Readmission

Children who are sent home for head lice infestation must be free of live lice and virtually all nits must be removed from the hair before the student may return to school. When a student returns to school (presumably on the next day), the student shall be re-examined. If live lice are found, the student will be sent home again. The previous procedure will be followed until the student is free of live lice and virtually all nits. When a student has missed five consecutive days of school related to lice infestation, a warning letter shall be sent to the parent to notify them that the student is immediately required to be at school. There will be no academic penalty imposed for absences.

Surprising Things You Might Not Know About Head Lice

  1. Head lice are not a sign of uncleanliness; they love clean hair because it is easier to latch on.
  2. Lice DO NOT hop, jump, or fly; the only way they can get from one person to another is direct touching, head-to-head.
  3. Lice are not passed on pets. The only place head lice can survive and thrive is on the human head.
  4. When found, most cases of head lice are already more than a month old. One sign is a red itchy rash on the back of the neck, just below the hair line.
  5. Because of use and overuse of head lice shampoos, head lice have become resistant to the products that once would kill them, so no head lice product is 100% effective, even if you follow the direction to the letter. That is why combing and nit removal is important.
  6. Removing the nits (eggs) and live lice with a special metal-tooth comb is time consuming but the most effective way to get rid of them. They do not wash out.
  7. Schools are not the most common places where head lice are spread. Sleep-overs among friends and relatives are thought to be a common way they are passed home to home.
  8. School wide head checks are not recommended by the American Academy of Pediatrics or the Centers for Disease Control. The most effective screening occurs when parents check their own children at home, treat if any are found, and make efforts to remove the nits.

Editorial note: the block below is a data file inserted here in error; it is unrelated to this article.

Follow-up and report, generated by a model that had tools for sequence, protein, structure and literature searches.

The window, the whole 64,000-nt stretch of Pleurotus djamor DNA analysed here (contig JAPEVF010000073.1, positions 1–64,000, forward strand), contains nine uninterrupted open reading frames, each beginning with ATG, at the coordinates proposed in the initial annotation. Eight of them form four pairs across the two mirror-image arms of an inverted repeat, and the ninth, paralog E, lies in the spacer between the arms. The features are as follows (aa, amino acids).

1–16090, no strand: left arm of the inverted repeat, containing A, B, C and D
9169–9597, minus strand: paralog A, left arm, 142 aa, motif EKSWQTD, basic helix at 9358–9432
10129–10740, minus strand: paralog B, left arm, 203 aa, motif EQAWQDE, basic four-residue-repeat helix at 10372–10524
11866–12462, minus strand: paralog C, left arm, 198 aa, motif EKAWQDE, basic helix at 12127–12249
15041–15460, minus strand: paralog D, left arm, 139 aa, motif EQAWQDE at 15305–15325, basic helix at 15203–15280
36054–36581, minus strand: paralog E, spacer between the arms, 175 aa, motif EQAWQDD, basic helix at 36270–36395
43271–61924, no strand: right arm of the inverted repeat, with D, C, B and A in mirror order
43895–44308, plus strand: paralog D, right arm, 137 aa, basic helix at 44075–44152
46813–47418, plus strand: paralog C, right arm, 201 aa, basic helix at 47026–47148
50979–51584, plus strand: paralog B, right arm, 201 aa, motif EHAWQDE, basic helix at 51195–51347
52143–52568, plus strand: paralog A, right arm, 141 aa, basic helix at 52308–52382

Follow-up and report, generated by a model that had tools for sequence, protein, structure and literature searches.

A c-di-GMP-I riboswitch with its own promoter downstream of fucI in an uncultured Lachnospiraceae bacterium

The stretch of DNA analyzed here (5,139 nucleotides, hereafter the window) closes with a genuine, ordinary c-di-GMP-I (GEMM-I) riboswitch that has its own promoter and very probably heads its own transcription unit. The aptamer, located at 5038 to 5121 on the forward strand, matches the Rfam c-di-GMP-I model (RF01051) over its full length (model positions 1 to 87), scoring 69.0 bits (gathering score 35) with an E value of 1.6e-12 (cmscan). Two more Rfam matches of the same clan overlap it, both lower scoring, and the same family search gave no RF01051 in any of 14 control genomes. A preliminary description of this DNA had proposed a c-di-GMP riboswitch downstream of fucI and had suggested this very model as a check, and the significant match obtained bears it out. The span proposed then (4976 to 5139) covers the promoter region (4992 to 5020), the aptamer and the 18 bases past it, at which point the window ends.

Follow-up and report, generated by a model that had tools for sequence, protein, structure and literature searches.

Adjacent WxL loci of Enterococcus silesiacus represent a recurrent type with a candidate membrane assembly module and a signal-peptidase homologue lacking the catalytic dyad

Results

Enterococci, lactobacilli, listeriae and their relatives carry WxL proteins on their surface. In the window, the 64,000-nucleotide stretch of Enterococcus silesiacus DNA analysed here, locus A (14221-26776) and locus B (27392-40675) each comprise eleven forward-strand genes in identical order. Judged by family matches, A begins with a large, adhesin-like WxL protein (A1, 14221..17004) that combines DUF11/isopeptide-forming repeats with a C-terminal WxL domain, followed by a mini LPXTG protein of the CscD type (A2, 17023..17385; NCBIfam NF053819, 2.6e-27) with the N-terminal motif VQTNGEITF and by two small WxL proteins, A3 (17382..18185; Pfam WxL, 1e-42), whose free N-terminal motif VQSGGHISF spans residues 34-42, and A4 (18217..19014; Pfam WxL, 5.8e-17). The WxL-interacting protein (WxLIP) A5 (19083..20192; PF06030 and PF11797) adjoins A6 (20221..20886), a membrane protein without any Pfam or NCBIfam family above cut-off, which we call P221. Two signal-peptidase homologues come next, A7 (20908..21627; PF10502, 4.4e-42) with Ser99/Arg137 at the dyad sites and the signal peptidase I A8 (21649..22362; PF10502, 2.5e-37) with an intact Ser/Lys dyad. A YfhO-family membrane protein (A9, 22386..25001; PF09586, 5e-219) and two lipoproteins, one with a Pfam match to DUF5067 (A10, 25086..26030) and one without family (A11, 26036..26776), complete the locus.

9. One of the biggest challenges in eliminating head lice is parents' discomfort in communicating about the problem with other parents when they find head lice, so they are more easily passed back and forth among close friends and relatives.
  10. A louse on a hat or coat is a dying louse that will not be capable of reproducing. Healthy ones stay close to the scalp until they sense another human head. They cannot survive without blood, that is why they bite.

Please check your child for lice/nits on a regular basis. "Checking" means visually observing the hair and combing it with a metal nit comb. Nits look like flakes of dandruff or droplets of hair spray. The difference is that dandruff or hair spray will come off easily when the hair shaft is shaken, whereas nits are very difficult to remove. If you see lice or nits on your child's hair, call your health care provider for advice of treatment. If you aren't sure what you are looking for please contact school office. Most children should not need to miss any school because of lice.

This note is a reminder to be vigilant in checking your child's head.

See the research:

American Academy of Pediatrics

Centers for Disease Control

Bed Bug Protocol

Bed bugs are becoming a common problem that significantly impacts our general quality of life, but they are not known to transmit disease.  The home of any person can be infested by bed bugs, regardless of ethnic background, type of home, or socio-economic status.  As this problem escalates, although rare, bed bugs may become an issue in our schools because they may “hitch-hike” on a student’s clothing, books, or backpack from an infested home.  It is important that if this happens, the school takes proactive actions to prevent infestation and stop them from spreading within the school setting.  The following are GUIDELINES that have been gathered and organized from public health agencies and academic institutions throughout the United States. 

What are bed bugs?

Bed bugs are small insects that feed on people while they sleep.  Bed bugs do not live on a person.  Bed bugs usually hide during the day and come out to feed during the night.  Adult bed bugs have flat, rusty-red-colored oval bodies, are about the size of an apple seed, big enough to be easily seen, but often hide in cracks in furniture, floors, or walls.
A bed bug bite may develop into an itchy welt that is similar to a mosquito bite.  Bed bug bites do not transmit disease, but their bites are a nuisance and can cause significant itchiness, secondary infections, anxiety, and sleeplessness.  Infestations are also very difficult and expensive to control.  They can also be transmitted from one location to another in backpacks, clothing, luggage, books, and other items.  Bed bugs are rarely transported into a house by pets.